Read more about this vibrant neighborhood in the March 2009 issue of ONE.



Tags: Ethiopia Cultural Identity United States Ethiopian Orthodox Church Immigration

29 April 2013
Greg Kandra




Camels rest beside the road to Petra. (photo: Christian Molidor, R.S.M.)

In 2002, the magazine took readers to the Holy Land and the ancient ruins of Petra:

The holy sites in Jerusalem and its environs have sometimes seemed at the very center of the Palestinian-Israeli conflict. But there is a part of the Middle East that is politically stable, quietly peaceful and where a landscape full of biblical stories can be found. The Hashemite Kingdom of Jordan — which emerged out of the post-World War I division of the Middle East by Britain and France — a part of what Christians, Jews and Muslims call the Holy Land, has played a pivotal role in the ongoing struggle in the region.

Within the desert kingdom’s boundaries can be found some of the best preserved traces of antiquity and significant evidence of early Christianity. With its awe-inspiring ruins, Petra, the ancient fortress city carved out of rock in the Valley of Moses, is the site of many of these archaeological treasures.

Participating in an exploratory dig in 1973, the noted archaeologist Kenneth W. Russell detected some previously overlooked ruins while supervising the excavation of a colonnaded street. He saw a semicircular foundation protruding from the soil and thought this might be part of a church. Intrigued, he revisited the site several times since his initial discovery.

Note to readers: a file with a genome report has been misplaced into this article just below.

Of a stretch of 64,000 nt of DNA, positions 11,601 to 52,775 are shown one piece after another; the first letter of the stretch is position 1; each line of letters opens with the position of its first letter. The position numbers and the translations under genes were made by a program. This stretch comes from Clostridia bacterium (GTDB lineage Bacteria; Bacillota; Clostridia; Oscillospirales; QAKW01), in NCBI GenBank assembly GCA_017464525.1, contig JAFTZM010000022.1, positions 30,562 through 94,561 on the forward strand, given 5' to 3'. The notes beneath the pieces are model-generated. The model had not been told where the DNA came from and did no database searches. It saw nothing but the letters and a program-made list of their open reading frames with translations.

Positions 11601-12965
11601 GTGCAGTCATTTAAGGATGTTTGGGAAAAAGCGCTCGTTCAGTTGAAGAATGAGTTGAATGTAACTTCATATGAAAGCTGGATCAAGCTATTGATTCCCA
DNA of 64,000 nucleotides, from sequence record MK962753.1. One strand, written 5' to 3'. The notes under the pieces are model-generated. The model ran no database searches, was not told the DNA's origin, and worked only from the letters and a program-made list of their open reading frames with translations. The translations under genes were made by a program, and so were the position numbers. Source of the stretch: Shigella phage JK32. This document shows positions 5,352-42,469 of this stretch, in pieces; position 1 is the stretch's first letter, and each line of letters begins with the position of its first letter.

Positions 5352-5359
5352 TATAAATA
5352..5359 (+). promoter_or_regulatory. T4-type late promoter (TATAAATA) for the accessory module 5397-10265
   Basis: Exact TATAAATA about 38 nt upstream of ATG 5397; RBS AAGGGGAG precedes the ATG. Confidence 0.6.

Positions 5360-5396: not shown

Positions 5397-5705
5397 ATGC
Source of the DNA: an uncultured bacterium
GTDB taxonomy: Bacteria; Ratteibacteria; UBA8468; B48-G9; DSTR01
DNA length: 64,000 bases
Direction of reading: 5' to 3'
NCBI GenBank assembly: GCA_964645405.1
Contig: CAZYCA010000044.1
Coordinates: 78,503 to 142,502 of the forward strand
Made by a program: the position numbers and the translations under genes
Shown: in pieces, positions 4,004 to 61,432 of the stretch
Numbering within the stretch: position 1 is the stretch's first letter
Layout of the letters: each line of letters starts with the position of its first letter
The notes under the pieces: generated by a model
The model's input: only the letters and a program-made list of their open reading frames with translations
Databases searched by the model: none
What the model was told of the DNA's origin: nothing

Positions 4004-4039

In the spring of 1990, Russell returned to Petra to explore the site in depth. Both the size of the structure, with its semicircular apse, facing east, and surface materials including a portion of mosaic, helped him identify the site as a major Byzantine church.

Because of Russell’s untimely death in May 1992, he did not live to see the church unearthed. However, his friends, Pierre and Patricia Bikai from the American Center of Oriental Research in Amman, followed Russell’s lead and the public can now view the church.

No one knows who brought Christianity to Petra, the “rose-red city, half as old as time” located in southern Jordan about halfway between the Gulf of Aqaba and the southern end of the Dead Sea. It is known, however, that the Nabateans, an Arab people who controlled the caravan routes from the Persian Gulf to the Mediterranean and farther north, made this isolated and well-hidden location inside deep sandstone cliffs their capital…

Read more about Petra in Rose-Red City, Half as Old as Time.



Tags: Jerusalem Jordan Holy Land Architecture Church

26 April 2013
Greg Kandra




In Eritrea, a young Orthodox monk — wearing a modern digital watch — chants from an ancient manuscript. To learn more about the Orthodox faithful in Eritrea, read Ancient Church in Young Nation from the November 2003 issue of the magazine. (photo: Chris Hellier)



26 April 2013
Greg Kandra




In this photograph from November 2012, Coptic Pope Tawadros II conducts an interview in Cairo.
(photo: CNS/Mohamed Abd El Ghany, Reuters)


Jordan calls on U.N. to act on Syria crisis (The Daily Star) Jordan on Thursday called on the U.N. Security Council to declare the exodus of refugees from Syria a threat to international security and to organize a visit to the region. Jordan fears that with more than 505,000 Syrian refugees now in the country it risks being overwhelmed and drawn into the crisis, diplomats said. Jordan’s U.N. ambassador Prince Zeid al Hussein said in a letter to the Security Council that the huge influx across the border since the Syria conflict erupted in March 2011 “threatens the security and stability of our country”…

Coptic Pope says Christians feel sidelined and neglected (Reuters) Egypt’s Christians feel sidelined, ignored and neglected by Muslim Brotherhood-led authorities, who proffer assurances but have taken little or no action to protect them from violence, Coptic Pope Tawadros II said. In his first interview since emerging from seclusion after eight people were killed in sectarian violence between Muslims and Christians this month, the pope called official accounts of clashes at Cairo’s Coptic cathedral on 7 April “a pack of lies”…